Since the publication of the original Tube Versus Trabeculectomy (TVT) study, many glaucoma specialists have migrated towards glaucoma drainage implants and away from trabeculectomy. The TVT compared outcomes of glaucoma drainage implants versus trabeculectomy in patients who had undergone previous ocular surgery.

This study randomized patients to receive either trabeculectomy or placement of a non-valved Baerveldt 350 glaucoma tube. The results demonstrate lower rates of failure with glaucoma drainage implants versus trabeculectomy in this patient population. It is important to note that patients included in this study had undergone previous ocular surgery. In fact, most had undergone previous glaucoma surgery, likely impacting these results.2

The recently published Primary Tube Versus Trabeculectomy (PTVT) study, on the other hand, addressed the question of trabeculectomy or non-valved glaucoma tube as the initial incisional glaucoma procedure in patients with advanced glaucoma.

This study demonstrated no difference in failure rate between trabeculectomy and a non-valved glaucoma device implantation when used as the initial surgical procedure for advanced glaucoma.3 Patients who underwent trabeculectomy also had statistically lower IOP and were on fewer drops at three-year follow-up.3 In summary, while trabeculectomy and tube shunts have similar success rates as primary glaucoma surgeries, glaucoma drainage devices may be better for patients who have already had a prior ocular surgery, and trabeculectomy may be better for patients who need a lower pressure.

Non-valved versus valved glaucoma drainage implants

Glaucoma drainage implants (GDI) can be broadly categorized as either valved or non-valved. The most commonly used valved glaucoma implant is the Ahmed Glaucoma Valve (AGV). Commonly used non-valved tube shunts are the Baerveldt glaucoma implant and Ahmed ClearPath non-valved glaucoma implant. After implantation of a glaucoma drainage implant, a capsule forms around the plate of the device, serving as a reservoir for aqueous fluid, thus reducing IOP. Capsule formation takes approximately six weeks and is necessary to regulate outflow in non-valved implants.

Valved implants have a mechanism that prevents flow across the tube at a set IOP, which eliminates the need for capsule formation to regulate outflow. This allows for immediate pressure lowering and avoids hypotony. Non-valved tubes require surgical modification of the tube to delay flow through the tube for six weeks, until capsule formation occurs in order to avoid hypotony. This may play an important factor in which GDI you choose. In patients with extremely elevated IOPs or in those who need immediate IOP lowering, consider using a valved GDI. Patients with reasonable pre-operative IOP who can wait a few weeks for pressure lowering effect may be candidates for non-valved devices.

Another important consideration is the patient’s goal IOP. While both valved and non-valved implants offer great IOP lowering, there are subtle differences in outcomes. The Ahmed Versus Baerveldt (AVB) study and the Ahmed Baerveldt Comparison (ABC) study compared outcomes of these two GDIs. Both studies show greater IOP lowering and fewer post-operative IOP lowering medications required with the Baerveldt GDI.4,5 However, both studies demonstrated a higher rate of complications with the Baerveldt GDI. In your patients that need a lower IOP, non-valved implants may be a better choice, but you might want to stick to AGVs in monocular patients and patients hesitant about the risk profile of advanced glaucoma surgery.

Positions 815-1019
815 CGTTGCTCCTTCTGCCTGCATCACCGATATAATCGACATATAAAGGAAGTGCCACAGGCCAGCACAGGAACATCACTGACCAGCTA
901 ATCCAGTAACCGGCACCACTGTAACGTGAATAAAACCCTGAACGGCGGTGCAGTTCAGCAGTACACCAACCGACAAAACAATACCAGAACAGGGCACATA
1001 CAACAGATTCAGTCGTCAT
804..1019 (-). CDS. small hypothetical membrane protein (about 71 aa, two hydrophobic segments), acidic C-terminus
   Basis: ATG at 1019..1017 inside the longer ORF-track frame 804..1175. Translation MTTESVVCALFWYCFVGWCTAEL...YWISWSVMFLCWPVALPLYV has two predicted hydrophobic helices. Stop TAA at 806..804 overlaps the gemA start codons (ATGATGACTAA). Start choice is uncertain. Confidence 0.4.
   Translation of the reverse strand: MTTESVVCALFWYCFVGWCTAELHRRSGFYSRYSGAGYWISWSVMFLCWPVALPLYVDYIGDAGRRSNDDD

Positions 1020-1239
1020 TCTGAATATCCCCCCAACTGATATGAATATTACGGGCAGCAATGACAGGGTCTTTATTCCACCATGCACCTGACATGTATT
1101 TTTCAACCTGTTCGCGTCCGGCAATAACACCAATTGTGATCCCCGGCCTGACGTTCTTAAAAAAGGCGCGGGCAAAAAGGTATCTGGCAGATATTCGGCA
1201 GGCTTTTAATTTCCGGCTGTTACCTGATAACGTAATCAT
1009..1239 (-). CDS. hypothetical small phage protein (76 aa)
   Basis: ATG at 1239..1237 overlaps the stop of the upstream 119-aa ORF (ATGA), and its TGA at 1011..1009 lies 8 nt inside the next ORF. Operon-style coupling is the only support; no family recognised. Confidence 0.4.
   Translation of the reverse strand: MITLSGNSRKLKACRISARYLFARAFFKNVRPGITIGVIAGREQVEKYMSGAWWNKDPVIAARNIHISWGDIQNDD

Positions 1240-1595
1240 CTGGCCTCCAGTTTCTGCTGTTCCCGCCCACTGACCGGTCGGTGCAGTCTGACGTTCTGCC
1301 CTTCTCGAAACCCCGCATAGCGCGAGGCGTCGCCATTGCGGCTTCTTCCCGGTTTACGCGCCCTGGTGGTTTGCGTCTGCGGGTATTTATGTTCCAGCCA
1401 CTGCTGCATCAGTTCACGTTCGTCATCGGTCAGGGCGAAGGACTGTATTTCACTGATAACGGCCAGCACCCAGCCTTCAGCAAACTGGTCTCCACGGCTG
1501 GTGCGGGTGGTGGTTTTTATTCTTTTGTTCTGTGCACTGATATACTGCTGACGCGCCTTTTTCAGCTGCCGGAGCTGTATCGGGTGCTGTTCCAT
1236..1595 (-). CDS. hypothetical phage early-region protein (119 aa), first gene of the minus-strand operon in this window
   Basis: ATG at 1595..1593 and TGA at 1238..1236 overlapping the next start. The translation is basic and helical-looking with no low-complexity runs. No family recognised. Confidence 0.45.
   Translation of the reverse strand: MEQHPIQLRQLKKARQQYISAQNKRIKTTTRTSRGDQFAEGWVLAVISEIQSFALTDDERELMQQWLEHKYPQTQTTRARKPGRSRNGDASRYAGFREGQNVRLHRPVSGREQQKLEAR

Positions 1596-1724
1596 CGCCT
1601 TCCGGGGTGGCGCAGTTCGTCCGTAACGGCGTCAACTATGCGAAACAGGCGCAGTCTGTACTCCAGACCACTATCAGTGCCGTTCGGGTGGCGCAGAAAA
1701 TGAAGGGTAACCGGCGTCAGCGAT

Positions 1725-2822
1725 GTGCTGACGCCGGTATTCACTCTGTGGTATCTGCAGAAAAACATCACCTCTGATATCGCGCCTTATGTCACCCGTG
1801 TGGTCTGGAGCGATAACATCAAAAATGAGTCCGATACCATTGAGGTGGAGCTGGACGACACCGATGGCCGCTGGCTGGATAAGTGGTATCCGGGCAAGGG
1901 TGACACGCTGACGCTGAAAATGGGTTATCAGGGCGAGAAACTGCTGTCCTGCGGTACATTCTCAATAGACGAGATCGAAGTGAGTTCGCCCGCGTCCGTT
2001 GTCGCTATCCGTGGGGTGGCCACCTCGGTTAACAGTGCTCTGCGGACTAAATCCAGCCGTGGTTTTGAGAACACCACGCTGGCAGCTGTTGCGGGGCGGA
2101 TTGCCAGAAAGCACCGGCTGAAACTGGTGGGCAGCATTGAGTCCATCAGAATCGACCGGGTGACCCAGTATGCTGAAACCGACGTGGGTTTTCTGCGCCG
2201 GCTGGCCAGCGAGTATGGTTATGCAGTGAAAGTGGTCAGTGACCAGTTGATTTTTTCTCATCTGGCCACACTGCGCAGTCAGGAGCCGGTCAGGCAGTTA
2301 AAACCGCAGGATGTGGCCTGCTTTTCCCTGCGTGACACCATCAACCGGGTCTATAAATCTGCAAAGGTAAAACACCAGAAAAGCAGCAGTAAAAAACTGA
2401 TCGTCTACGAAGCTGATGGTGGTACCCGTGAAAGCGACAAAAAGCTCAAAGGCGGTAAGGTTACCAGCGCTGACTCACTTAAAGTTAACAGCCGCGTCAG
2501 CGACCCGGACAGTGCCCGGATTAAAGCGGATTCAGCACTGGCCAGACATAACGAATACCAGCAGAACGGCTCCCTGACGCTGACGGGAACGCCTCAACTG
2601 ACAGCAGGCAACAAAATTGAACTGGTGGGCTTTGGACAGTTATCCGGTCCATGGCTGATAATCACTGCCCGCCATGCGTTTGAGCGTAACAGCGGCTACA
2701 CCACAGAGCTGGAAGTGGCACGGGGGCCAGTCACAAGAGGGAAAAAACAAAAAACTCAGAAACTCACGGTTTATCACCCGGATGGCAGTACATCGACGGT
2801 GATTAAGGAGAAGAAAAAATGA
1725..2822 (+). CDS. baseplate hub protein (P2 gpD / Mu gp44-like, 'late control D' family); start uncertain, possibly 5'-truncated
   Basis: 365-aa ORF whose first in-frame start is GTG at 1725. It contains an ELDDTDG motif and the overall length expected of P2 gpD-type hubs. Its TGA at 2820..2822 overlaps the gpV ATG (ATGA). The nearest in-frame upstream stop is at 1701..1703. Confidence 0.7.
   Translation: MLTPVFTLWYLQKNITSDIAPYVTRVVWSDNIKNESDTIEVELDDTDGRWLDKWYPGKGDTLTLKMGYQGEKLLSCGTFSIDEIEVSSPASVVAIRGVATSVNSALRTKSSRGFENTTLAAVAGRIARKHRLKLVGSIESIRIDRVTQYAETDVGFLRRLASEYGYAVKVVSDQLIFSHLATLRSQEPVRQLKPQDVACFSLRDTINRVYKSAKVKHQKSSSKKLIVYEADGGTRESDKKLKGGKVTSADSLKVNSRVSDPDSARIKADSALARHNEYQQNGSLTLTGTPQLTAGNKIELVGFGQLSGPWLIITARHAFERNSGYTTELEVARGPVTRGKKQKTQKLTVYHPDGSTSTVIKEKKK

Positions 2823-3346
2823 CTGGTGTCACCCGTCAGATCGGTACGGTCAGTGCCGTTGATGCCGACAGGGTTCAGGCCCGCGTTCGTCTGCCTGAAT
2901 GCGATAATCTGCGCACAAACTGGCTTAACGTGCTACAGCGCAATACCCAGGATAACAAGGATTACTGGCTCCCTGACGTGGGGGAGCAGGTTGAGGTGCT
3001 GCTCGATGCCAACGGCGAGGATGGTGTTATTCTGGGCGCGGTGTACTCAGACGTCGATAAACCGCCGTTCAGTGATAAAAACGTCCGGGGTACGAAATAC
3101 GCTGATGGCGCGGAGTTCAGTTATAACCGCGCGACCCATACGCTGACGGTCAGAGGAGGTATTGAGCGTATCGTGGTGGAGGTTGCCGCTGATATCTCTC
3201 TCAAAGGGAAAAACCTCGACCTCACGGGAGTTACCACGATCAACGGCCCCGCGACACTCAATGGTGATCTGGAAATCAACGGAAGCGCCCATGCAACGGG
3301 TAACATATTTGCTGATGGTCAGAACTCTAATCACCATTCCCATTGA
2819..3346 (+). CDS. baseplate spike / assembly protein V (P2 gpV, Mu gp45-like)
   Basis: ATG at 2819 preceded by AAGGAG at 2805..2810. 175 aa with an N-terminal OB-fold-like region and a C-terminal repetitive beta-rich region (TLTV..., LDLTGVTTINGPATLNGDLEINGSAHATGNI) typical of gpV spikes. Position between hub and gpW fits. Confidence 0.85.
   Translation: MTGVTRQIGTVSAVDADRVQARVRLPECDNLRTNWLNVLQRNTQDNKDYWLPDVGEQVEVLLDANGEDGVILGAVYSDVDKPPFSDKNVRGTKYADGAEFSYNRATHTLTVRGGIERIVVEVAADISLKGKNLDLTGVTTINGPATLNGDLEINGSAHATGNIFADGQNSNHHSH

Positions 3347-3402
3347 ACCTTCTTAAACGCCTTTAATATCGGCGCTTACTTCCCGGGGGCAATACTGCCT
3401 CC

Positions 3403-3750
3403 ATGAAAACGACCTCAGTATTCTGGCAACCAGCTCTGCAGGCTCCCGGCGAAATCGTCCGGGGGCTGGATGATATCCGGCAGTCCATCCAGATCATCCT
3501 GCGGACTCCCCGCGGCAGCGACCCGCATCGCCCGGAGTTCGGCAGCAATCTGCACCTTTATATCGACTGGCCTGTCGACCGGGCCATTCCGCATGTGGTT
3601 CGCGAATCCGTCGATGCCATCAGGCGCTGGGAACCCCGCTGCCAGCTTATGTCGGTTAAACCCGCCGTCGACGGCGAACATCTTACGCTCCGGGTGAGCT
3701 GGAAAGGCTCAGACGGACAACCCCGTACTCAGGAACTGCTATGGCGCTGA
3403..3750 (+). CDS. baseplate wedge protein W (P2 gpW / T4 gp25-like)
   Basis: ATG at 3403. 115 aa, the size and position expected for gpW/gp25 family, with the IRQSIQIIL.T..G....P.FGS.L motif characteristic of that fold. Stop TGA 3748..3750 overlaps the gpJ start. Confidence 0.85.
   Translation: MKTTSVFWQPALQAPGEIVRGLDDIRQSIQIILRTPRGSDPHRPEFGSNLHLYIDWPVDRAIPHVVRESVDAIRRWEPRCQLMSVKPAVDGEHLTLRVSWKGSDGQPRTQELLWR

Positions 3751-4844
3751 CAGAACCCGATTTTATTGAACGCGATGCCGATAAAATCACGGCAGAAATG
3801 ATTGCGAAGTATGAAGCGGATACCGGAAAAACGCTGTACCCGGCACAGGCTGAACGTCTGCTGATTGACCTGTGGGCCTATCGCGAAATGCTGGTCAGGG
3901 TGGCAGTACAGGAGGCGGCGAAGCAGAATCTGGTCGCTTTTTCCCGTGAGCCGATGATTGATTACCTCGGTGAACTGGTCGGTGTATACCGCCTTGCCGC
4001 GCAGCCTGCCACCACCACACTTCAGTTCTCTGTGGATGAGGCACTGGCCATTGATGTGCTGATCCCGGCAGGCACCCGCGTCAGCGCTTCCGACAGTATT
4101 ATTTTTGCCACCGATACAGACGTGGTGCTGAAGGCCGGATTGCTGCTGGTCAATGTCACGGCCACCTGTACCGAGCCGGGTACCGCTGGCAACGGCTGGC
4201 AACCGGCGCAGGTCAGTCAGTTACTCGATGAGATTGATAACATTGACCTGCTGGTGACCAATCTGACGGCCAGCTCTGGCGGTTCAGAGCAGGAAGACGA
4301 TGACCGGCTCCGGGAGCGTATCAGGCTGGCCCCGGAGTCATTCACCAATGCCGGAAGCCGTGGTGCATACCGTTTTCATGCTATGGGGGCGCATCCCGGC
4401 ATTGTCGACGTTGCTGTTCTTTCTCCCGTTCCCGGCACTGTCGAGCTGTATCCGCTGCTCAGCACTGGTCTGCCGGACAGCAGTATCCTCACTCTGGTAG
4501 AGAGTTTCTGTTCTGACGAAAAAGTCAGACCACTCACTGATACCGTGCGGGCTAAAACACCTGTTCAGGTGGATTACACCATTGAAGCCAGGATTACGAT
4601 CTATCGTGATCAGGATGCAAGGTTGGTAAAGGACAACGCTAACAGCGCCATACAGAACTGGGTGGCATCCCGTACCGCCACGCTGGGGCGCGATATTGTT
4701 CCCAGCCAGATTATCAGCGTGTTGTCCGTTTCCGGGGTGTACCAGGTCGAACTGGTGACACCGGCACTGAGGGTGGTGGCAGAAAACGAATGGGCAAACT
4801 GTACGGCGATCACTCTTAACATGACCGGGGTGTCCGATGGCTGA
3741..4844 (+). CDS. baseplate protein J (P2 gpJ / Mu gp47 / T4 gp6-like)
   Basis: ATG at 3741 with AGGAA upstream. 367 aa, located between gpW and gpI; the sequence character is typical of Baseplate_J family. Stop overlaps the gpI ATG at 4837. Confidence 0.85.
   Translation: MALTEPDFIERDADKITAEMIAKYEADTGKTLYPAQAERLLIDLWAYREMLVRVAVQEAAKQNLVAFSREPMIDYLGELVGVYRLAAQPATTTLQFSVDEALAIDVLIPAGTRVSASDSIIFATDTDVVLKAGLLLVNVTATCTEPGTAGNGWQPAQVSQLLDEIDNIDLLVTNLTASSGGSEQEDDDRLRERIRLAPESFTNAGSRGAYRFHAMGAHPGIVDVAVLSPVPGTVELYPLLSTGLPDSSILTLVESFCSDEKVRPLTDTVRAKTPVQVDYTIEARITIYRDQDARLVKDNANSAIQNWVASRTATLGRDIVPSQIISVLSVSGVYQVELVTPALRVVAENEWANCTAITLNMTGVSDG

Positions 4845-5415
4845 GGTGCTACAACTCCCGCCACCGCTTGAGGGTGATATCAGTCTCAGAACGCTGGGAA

The type of glaucoma may also impact your choice of GDI.

Patients with neovascular glaucoma often present with a high IOP and need immediate pressure reduction, making an AGV is your best bet. Patients with uveitic glaucoma and steroid-induced glaucoma may also do better with a valved implant to allow for quick IOP lowering and to avoid the potential of future hypotony.

Trabeculectomy versus Ex-PRESS glaucoma shunt

Many glaucoma specialists still consider trabeculectomy to be the gold standard of glaucoma surgery. It offers superior pressure lowering compared to any other glaucoma surgery and is your best bet to achieve a sustainable IOP of 10 or less. But remember, trabeculectomies take work, and they often require a combination of laser suture lysis, needling, or bleb revisions to achieve and maintain target pressures. Hypotony from over-filtration or wound leaks may also complicate recovery and require other post-operative maneuvers and medications to resolve. This requires frequent post-operative appointments and close monitoring, which may be difficult for the patient and for the provider, especially now in the COVID era.

Another fact, which causes great hesitation, is the risk of serious postoperative complications, such as hypotony, choroidal effusions, and choroidal hemorrhage. In order to reduce this risk, some surgeons use the EX-PRESS glaucoma minishunt. This small arrowhead-shaped stent is placed under a scleral flap in a surgical procedure that is otherwise remarkably, similar to trabeculectomy. Studies have shown similar IOP lowering, yet a slightly reduced risk profile, with the EX-PRESS glaucoma shunt when compared to traditional trabeculectomy.6 However, other studies have demonstrated the need for more frequent postoperative manipulations.7 Many surgeons find the EX-PRESS glaucoma shunt implantation technically easier, as it avoids the need for a large sclerostomy and iridectomy.